Why Do Catholics Believe That a Loving God Sends People to Hell?*

 

Jesus' teaching about hell--that is, the state of eternal separation from God--includes a quote from Isaiah: "Their worm shall not die, nor their fire be extinguished" (Is 66:24; Mk 9:48). The prophet was describing the immense garbage dump in a valley called Gehenna outside Jerusalem, where worm infested refuse was heaped on a fire kept continually burning. In ancient times this valley had been the site of ritual child sacrifice to a diabolical pagan god (see Lv 20:1-5; 2 Kgs 23:10).

 

No wonder, then, that in Jewish culture this hellish place gave its name to the fate of the damned. Its ceaseless flames symbolized the horrors of sin and its consequences, the inner torment of those who remain in sin, and the justice of an evil at last thwarted and abandoned in contempt.

 

Our contemporaries often dismiss the very idea of hell as a myth tied to belief in a cruel and vengeful god. they may even attempt to contrast the doctrine of hell with the teaching of Jesus, insisting that he spoke only of the Father's love and mercy. Yet Jesus actually spoke more often about hell in the gospel accounts than he did about heaven. Though he insisted that God loves the world and desires that no one perish eternally, he also insisted that we stand in danger of damnation if we reject God's offer of reconciliation (see Jn 3:16-18).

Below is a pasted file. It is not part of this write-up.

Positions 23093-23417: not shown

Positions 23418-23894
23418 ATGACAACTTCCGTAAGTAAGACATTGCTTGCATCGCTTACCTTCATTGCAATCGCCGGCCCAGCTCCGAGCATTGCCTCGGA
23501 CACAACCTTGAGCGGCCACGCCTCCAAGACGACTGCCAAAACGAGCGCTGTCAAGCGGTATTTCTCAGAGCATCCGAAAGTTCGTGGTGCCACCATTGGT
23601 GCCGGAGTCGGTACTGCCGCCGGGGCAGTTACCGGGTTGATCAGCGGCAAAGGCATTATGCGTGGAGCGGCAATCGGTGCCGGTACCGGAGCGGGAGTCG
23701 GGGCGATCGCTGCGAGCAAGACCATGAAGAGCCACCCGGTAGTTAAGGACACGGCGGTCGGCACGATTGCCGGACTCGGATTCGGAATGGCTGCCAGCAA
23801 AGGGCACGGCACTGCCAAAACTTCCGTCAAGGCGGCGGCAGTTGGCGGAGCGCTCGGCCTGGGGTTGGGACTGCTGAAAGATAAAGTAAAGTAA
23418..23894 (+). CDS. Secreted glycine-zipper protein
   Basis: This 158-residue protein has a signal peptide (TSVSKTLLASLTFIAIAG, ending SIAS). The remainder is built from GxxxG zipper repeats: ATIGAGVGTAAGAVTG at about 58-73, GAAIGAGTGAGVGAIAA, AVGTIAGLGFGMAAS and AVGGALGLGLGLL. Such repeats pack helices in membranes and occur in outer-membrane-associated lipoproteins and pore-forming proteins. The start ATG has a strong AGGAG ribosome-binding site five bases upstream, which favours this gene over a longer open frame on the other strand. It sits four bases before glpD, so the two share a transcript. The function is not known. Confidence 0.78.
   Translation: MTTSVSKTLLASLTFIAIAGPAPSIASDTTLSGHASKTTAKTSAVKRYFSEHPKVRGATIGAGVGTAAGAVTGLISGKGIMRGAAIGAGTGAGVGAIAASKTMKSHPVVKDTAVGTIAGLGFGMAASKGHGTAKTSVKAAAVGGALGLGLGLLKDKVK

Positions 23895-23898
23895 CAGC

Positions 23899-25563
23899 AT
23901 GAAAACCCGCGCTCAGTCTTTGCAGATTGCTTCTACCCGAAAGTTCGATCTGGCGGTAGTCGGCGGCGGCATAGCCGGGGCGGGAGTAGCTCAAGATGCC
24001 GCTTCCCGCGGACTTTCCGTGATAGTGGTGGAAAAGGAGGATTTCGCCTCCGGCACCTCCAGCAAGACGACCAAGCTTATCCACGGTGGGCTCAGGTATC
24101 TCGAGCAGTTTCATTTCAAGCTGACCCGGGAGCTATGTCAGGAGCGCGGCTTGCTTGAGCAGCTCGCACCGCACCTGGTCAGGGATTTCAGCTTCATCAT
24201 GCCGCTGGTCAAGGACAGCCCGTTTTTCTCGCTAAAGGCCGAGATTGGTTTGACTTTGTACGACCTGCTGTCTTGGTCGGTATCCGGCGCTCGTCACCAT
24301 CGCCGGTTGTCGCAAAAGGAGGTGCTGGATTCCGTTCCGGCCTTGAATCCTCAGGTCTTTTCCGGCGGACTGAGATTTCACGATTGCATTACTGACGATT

To deny the possibility of hell is in fact to deny the reality of human free will. God has created us as persons who can choose to return his love. But love that is coerced is not love at all. If we are to be more than mere programmed robots, we must have the capability of rejecting God, both now and forever. And if we reject him, we are in fact choosing hell, the state of eternal separation from him (see 2 Thes 1:8-9).

 

Our loving Father wills that all be saved (see 1 Tm 2:4; 2 Pt 3:9). But he respects the free will he has given us. "I have set before you life and death, " he says, "the blessing and curse. Choose life" (Dt 30:19). (See also " Why Do Catholics believe Strange Things about Heaven?")

 

Other related scriptures: Lv 18:21; 1 Kgs 11:7-8; Mt 5:22, 29; 7:13-14; 10:28; 13:41-50; 18:8-9; 22:13; 25: 30,41,46; Mk 9:43-48; Acts 7:43; Heb 6:2; 12:29; 1 Jn 3:14-15; Jude 7; Rv 1:18; 7:12, 14:11; 20:10, 14-15.

 

Catechism of the Catholic Church: 633; 1033-1037; 1056-1058; 1861.

 

*Quoted from The New Catholic Answer Bible. Wichita, Kansas, Fireside Catholic Publishing, 2005. www.firesidecatholic.com

 

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